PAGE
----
Annabelle Comes Home review: magical middle-school doll horror

The Conjuring Universe’s china-faced child-hag stars in this imaginative chiller, which places the emphasis on grief and anxiety rather than out-and-out bloodshed.

Kim Newman

from our forthcoming September 2019 issue

‘China-faced child-hag’ Annabelle in Annabelle Comes Home

‘China-faced child-hag’ Annabelle in Annabelle Comes Home

This latest entry in the ever-expanding franchise of the ‘Conjuring Universe’ is dedicated to the real-life (and controversial) ghost hunter Lorraine Warren, who died earlier this year, in the way that Avengers: Endgame is dedicated to Stan Lee. The two Conjuring films are based – at least loosely – on incidents that Warren and her husband Ed investigated before their most famous case, the Amityville Haunting (though, notably, the longer-lasting Amityville Horror franchise minimises or eliminates their involvement). In the manner of the eye-catching starlet building a career on the sort of appearance Marilyn Monroe made in All About Eve (1950), the breakout presence of The Conjuring (2013) was Annabelle, an evil-looking doll found in a roomful of other cursed impedimenta in the Warrens’ headquarters. The china-faced child-hag scared up her own spin-off, Annabelle (2014), and a prequel origin story, Annabelle: Creation (2017), and is now back where we first met her, doing her best shiny Joker smile in the Warrens’ Arkham Asylum-like repository of conquered foes.

Not possessed but a focus for evil spirits that seek to claim the souls of others, Annabelle is inevitably freed from her prison – and promptly marshals an array of other apparitions against the Warrens’ daughter Judy and her ill-advised babysitters. With series regulars Vera Farmiga and Patrick Wilson away on the Warrens’ mysterious business, the leading lady is babysitter Mary Ellen – played by Madison Iseman, who comes to this universe logically after graduating from last year’s Goosebumps 2: Haunted Halloween.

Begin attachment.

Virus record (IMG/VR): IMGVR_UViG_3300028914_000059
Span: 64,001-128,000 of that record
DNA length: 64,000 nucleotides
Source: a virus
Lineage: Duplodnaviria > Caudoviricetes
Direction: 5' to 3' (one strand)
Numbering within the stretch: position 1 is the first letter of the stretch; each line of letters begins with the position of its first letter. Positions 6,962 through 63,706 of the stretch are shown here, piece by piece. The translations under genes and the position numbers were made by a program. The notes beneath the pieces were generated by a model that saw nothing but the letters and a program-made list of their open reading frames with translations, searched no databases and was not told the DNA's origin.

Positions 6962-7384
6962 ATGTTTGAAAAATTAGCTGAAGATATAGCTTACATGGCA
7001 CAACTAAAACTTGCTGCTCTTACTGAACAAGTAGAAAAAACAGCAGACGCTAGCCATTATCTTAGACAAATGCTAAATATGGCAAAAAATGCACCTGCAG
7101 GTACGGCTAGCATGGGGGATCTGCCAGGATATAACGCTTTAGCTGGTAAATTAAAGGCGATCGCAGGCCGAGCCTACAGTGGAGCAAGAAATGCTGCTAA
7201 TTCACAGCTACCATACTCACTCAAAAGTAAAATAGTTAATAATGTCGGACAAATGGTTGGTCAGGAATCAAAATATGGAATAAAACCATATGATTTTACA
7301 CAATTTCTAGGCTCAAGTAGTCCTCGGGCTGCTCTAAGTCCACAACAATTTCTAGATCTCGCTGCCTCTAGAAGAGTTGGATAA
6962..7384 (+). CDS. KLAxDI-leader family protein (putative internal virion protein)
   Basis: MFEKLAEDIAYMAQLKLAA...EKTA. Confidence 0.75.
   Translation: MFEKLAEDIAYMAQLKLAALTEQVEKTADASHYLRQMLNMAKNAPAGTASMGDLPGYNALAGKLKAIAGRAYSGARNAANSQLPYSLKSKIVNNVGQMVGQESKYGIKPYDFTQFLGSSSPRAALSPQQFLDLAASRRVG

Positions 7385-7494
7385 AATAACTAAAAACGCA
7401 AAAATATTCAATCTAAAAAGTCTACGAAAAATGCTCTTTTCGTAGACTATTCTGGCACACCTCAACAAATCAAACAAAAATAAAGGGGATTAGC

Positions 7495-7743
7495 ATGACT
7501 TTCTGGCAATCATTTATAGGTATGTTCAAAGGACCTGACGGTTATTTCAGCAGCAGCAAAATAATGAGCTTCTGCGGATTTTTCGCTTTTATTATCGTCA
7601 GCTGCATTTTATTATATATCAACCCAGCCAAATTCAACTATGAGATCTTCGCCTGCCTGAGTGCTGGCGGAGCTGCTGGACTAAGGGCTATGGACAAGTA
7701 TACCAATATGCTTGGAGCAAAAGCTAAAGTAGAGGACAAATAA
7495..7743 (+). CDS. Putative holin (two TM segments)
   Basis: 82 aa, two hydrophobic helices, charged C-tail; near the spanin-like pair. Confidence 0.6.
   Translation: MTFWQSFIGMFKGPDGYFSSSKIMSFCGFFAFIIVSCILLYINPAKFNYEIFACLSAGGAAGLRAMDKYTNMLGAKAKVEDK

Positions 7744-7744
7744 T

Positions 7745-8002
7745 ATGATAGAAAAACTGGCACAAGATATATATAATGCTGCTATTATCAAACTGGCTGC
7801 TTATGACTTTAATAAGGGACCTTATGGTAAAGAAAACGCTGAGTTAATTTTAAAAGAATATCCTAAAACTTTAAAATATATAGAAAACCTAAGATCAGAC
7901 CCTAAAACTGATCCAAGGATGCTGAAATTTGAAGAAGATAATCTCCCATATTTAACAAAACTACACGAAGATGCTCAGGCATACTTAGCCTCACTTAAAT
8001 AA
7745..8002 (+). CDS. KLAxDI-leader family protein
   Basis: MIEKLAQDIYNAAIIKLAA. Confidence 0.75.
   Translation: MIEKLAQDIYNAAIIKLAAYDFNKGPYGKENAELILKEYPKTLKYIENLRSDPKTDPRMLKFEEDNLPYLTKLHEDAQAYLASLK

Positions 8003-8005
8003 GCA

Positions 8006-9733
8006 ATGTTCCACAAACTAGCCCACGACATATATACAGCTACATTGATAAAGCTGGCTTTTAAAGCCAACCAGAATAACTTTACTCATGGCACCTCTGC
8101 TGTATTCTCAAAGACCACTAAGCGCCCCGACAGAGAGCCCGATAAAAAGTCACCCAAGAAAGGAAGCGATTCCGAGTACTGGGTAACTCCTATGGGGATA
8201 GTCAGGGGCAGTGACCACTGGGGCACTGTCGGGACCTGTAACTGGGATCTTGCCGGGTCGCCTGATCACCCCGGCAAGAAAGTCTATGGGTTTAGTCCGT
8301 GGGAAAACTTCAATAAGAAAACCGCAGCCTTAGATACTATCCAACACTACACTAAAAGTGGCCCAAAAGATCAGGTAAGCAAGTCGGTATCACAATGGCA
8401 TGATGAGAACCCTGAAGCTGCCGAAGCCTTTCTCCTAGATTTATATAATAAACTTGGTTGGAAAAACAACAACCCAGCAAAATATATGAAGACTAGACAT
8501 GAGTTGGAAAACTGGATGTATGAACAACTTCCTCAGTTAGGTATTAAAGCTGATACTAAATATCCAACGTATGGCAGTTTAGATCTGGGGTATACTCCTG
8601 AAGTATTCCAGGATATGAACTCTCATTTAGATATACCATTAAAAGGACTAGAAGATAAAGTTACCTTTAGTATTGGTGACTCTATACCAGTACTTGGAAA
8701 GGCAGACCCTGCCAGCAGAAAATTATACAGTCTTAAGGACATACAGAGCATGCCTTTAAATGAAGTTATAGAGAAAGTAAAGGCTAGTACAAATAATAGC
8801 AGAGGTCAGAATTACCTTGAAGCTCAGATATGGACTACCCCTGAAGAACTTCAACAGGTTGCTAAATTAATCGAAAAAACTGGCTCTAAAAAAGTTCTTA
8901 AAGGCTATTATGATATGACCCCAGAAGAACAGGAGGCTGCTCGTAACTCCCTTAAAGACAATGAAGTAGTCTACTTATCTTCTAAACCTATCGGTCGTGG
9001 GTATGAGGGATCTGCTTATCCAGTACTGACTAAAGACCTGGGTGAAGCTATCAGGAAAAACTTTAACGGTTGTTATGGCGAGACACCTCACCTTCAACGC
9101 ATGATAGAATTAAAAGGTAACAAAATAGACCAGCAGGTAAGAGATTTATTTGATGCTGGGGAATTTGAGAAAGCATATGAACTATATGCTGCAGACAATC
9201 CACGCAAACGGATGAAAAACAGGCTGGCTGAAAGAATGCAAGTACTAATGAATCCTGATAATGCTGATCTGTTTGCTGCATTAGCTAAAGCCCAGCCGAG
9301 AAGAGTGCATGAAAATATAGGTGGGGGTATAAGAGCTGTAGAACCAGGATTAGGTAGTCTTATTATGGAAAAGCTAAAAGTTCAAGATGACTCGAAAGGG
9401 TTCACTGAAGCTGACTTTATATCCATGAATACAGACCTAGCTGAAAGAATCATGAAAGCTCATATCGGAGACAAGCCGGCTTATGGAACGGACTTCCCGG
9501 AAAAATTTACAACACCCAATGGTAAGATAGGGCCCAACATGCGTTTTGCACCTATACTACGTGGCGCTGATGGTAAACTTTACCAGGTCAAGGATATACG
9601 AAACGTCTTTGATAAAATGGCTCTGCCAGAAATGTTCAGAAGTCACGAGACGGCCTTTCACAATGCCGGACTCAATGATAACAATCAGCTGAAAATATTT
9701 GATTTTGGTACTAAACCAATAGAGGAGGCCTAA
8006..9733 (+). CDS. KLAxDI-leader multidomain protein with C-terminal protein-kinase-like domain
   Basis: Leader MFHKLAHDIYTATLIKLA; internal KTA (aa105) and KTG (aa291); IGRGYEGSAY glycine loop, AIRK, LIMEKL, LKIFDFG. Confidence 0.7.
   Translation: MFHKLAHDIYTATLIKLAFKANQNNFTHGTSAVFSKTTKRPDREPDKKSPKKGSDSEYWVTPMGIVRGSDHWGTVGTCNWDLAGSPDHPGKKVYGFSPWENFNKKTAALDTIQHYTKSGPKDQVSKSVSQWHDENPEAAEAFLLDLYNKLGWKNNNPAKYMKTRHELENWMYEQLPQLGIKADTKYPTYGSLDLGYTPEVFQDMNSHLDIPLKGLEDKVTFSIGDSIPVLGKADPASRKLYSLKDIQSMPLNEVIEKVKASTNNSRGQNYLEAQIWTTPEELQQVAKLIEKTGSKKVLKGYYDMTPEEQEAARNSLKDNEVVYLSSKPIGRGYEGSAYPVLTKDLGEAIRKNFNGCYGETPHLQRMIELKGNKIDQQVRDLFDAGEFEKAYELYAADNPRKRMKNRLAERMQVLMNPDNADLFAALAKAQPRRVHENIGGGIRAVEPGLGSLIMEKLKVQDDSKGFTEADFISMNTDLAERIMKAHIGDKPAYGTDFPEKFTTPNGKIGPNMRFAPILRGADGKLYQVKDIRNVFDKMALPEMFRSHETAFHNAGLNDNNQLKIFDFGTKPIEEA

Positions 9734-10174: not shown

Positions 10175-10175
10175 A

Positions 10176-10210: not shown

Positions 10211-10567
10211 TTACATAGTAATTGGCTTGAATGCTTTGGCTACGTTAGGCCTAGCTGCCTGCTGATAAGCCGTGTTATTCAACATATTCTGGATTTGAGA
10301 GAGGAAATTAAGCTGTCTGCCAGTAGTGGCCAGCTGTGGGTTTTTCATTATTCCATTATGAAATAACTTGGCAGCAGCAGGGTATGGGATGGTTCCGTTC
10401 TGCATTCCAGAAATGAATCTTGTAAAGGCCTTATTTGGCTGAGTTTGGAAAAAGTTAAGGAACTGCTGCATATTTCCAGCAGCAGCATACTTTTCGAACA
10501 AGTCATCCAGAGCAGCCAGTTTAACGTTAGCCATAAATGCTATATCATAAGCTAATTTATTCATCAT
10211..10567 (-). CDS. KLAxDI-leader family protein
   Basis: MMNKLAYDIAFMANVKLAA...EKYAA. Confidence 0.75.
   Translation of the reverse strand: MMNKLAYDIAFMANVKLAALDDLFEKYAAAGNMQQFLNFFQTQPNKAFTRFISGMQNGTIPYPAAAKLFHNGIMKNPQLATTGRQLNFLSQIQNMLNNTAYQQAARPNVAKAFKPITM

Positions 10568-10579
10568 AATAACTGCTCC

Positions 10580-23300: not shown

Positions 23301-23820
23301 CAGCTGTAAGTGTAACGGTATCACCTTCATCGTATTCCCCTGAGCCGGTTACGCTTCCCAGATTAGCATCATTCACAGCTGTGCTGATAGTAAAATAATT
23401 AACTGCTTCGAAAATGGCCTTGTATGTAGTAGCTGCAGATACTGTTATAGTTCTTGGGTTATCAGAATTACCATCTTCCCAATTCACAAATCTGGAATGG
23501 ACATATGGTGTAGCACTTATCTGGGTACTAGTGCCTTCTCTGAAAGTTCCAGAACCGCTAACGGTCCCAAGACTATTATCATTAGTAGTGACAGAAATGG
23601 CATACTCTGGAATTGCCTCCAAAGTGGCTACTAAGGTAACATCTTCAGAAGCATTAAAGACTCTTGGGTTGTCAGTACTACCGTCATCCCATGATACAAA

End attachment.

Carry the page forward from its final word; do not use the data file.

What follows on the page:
If that was grade-school horror, then Annabelle Comes Home is middle-school horror in its near-perfect form. The young protagonists are all appealing, believable and more complicated than they seem – Katie Sarife’s ‘fun girl’ Daniela, who is responsible for letting the doll out of her blessed case, has a backstory that makes her foolishness understandable; and young Judy, played by Mckenna Grace (‘young Carol’ in Captain Marvel, ‘young Sabrina’ in Chilling Adventures of Sabrina and ‘young Theo’ in The Haunting of Hill House), is already flexing the psychic prowess she’s inherited from her mother.

Madison Iseman as Mary Ellen, Katie Sarife as Daniela Rios and Mckenna Grace as Judy Warren

Madison Iseman as Mary Ellen, Katie Sarife as Daniela Rios and Mckenna Grace as Judy Warren

Though it takes care to pick up from the coda of Annabelle and find room for a creepy cameo from Samara Lee in her role from Annabelle: Creation, this is less focused on its star turn than the other spin-offs. The home Annabelle comes back to isn’t where she was cursed, but where we first saw her, and her ability to channel demons and evil spirits means there are sequences that serve as potential audition pieces for future Conjuring add-ons to follow The Nun (2018) and The Curse of La Llorona (2019). Let loose are an Essex werewolf called Black Shuck, a suit of Japanese armour, a bloodied wedding dress that turns the wearer violent and a primitive, disturbing television set.

Gary Dauberman, making his directorial debut after scripting previous entries, stages the shudders and shocks with some imagination – the bloody bride walking past windows and through mirrors, the television showing a few seconds into the future, where Daniela is more afraid than she is now – and enough ferocity to cover the fact that this is going to be all stalk and no slash.

Though not bloodless, this has the lowest body count (apparently zero) in recent horror – which would defang it completely if it weren’t for the grasp the film has on grief and social anxiety as a means to conjure monsters. The gap between now and the world of the Conjuring Universe is almost exactly that between Dr Jekyll and Mr Hyde (1931) – one of the first nostalgia-appeal horror films – and the foggy Victorian London of Stevenson, Stoker and Conan Doyle. The series uses its period (from the 1950s to the 1970s) as a cosy yet chilling fantasy past, as bubblegum pop, novelty children’s toys, groovy fashions and an uncynical embrace of the magical whip up phantom nostalgia for an era within living memory of the target audience’s grandparents.

 

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